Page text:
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Introduction to loops
Loops are powerful control structures used to repeat a given section of code a certain number of times or until a particular condition is met.
Gambas has three main types of loops: for / next loops , do loops and for / each loops.
For / Next Loops
The syntax of a for / next loop has three components:
- a counter,
- a range, and
- a step.
A basic for / next loop appears as follows:
for X = 1 to 100 step 1 print X next
In this example, X is the counter, "1 to 100" is the range, and "1" is the step.
When you want to make a complete example out of that , you need a form and a command button and this following code.
PUBLIC SUB Button1_Click() X AS Integer for X = 1 to 100 step 1 print X next END
The variable X has to be declared as an integer.
When a for / next loop is initialized, the counter is set to the first number in the range—in this case, X is set to 1. The program then executes any code between the for and next statements normally. Upon reaching the next statement, the program returns to the for statement and increases the value of the counter by the step. In this instance, X will be increased to 2 on the second iteration, 3 on the third, etc.
To change the amount by which the counter variable increases on each iteration, simply change the value of the step. For example, if you use a step 2, X will increase from 1 to 3, then to 5, 7, 9, and so on. When the step is not explicitly stated, step 1 is used by default. (Note that the step can be a negative value. For instance, "for X = 100 to 1 step -1" would decrease the value of X from 100 to 99 to 98, etc.)
When X reaches the maximum value in the range (100 in the example above), the loop will cease to execute, and the program will continue to the code beyond the next statement.
It is possible to edit the value of the counter variable within a for / next loop, although this is generally considered bad programming practice:
for X = 1 to 100 step 1 print X X = 7 next
While you may on rare occasions find good reasons to edit the counter in this manner, the example above illustrates one potential pitfall: Because X is set to 7 at the end of every iteration, this code creates an infinite loop. To avoid this and other unexpected behavior, use extreme caution when editing the counter variable!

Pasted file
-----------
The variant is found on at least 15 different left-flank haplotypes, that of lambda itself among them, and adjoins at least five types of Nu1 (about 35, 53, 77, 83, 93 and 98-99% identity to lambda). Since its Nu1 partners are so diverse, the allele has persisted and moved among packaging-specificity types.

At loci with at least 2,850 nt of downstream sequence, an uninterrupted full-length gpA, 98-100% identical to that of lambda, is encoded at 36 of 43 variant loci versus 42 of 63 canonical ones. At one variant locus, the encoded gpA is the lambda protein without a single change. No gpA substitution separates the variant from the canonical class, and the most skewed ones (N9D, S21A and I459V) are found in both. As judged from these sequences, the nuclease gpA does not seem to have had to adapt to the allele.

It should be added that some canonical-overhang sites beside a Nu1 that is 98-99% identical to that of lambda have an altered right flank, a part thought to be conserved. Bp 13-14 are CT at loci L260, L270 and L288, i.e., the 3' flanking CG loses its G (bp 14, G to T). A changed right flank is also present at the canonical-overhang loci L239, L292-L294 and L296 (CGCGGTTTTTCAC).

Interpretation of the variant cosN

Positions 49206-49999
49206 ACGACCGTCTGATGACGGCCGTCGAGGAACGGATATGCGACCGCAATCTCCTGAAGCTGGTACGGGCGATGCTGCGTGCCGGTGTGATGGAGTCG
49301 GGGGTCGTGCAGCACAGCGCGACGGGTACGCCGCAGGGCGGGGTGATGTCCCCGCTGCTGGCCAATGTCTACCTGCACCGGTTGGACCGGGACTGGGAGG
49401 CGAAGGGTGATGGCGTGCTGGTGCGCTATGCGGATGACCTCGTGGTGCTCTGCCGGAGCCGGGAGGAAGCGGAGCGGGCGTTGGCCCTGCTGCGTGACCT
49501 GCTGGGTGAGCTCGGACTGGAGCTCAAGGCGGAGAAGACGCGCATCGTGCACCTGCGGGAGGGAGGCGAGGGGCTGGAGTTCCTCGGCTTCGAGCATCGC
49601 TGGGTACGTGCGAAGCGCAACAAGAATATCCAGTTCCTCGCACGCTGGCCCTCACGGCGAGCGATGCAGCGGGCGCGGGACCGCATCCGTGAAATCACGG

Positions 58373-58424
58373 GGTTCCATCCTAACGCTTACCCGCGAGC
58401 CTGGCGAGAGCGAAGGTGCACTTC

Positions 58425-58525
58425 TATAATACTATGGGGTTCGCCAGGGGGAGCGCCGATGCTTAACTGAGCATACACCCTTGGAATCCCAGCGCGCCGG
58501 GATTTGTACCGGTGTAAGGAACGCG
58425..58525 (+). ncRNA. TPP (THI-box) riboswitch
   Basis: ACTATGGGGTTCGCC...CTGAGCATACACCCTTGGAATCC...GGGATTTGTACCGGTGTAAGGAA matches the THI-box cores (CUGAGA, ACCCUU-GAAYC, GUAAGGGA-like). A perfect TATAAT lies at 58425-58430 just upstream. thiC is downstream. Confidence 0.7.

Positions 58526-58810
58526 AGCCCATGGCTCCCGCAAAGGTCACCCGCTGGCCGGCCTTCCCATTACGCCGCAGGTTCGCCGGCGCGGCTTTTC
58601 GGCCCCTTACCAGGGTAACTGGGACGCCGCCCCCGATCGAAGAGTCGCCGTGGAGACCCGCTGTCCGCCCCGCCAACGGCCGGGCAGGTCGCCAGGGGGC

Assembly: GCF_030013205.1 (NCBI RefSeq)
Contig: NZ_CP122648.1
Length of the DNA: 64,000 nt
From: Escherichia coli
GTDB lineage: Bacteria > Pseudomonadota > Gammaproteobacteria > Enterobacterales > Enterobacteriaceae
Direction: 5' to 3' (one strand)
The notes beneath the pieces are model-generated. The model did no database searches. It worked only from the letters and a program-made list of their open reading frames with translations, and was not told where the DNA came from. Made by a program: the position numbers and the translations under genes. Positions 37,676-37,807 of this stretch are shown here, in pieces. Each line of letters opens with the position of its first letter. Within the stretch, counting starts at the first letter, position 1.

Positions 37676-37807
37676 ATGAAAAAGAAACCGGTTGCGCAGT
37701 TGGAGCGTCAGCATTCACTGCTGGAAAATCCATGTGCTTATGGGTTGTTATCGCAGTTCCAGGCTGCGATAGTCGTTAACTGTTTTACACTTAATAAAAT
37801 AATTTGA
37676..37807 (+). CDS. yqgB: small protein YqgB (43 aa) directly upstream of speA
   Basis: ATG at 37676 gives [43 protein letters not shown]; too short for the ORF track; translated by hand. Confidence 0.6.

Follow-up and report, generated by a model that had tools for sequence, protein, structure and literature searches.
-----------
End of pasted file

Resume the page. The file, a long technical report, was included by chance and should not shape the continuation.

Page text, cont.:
Try some more examples to get used to loops:
PUBLIC SUB Button1_Click() i AS Integer FOR i = 1 TO 10 PRINT "Hallo Welt" NEXT END
PUBLIC SUB Button1_Click() DIM i AS Integer FOR i = 1 TO 10 PRINT i,i*i,i*i*i NEXT END
To make loops better readable, you should move the inner lines of code to the right. They will be repeated in the loop. In contrary to VB you should not mention the counter at the end of the loop behind the next command.
For I = 1 to 10 print I ' Next I VB code ' skipped in Gambas because it is redundant Next
Do loops are a bit more flexible then For loops, but should generally only be used when neccesary. Do loops come in the following formats:
While loops (both do while and loop while) will continue to execute as long as a certain conditional is true. An Until loop will loop as long as a certain condition is false, on the other hand. The only difference between putting either While or Until in the Do section or the Loop section, is that Do checks when the loop starts, and Loop check when the loops ends. An example of a basic loop is as follows:
Do print "hello" x=x+1 Loop until x=10
This loop will print hello several times (depending on the initial value of x. As you may have noticed, Do loops have no built in counters. However, they may be made manually as shown above. In this case, I chose x as my counter variable, and every time the loop execute, x increase itself by one. When X reaches 10, the loop will cease to execute. The advantage of Do loops is that you may exit at any time whenever any certain conditional is met. You may have it loop as long as a certain variable is false, or true, or as long as a variable remains in a certain range.
A nested loop is any type of loop inside an already existed loop. They can involve any type of loop. For this, we will use For loops. It is important to remember that the inside loop will execute its normal amount multiplied by how many times the exterior loop runs. For example:
For i = 1 to 10 For j = 1 to 10 print i*j, Next print Next
This will print the times table. Upon the first pass of the i loop, it will run the j loop ten times. Then on the second pass of the i loop, it will run the j loop another ten times, and so on. Why is there another print command between the two next commands. Try it out, what you will get, when you delete it.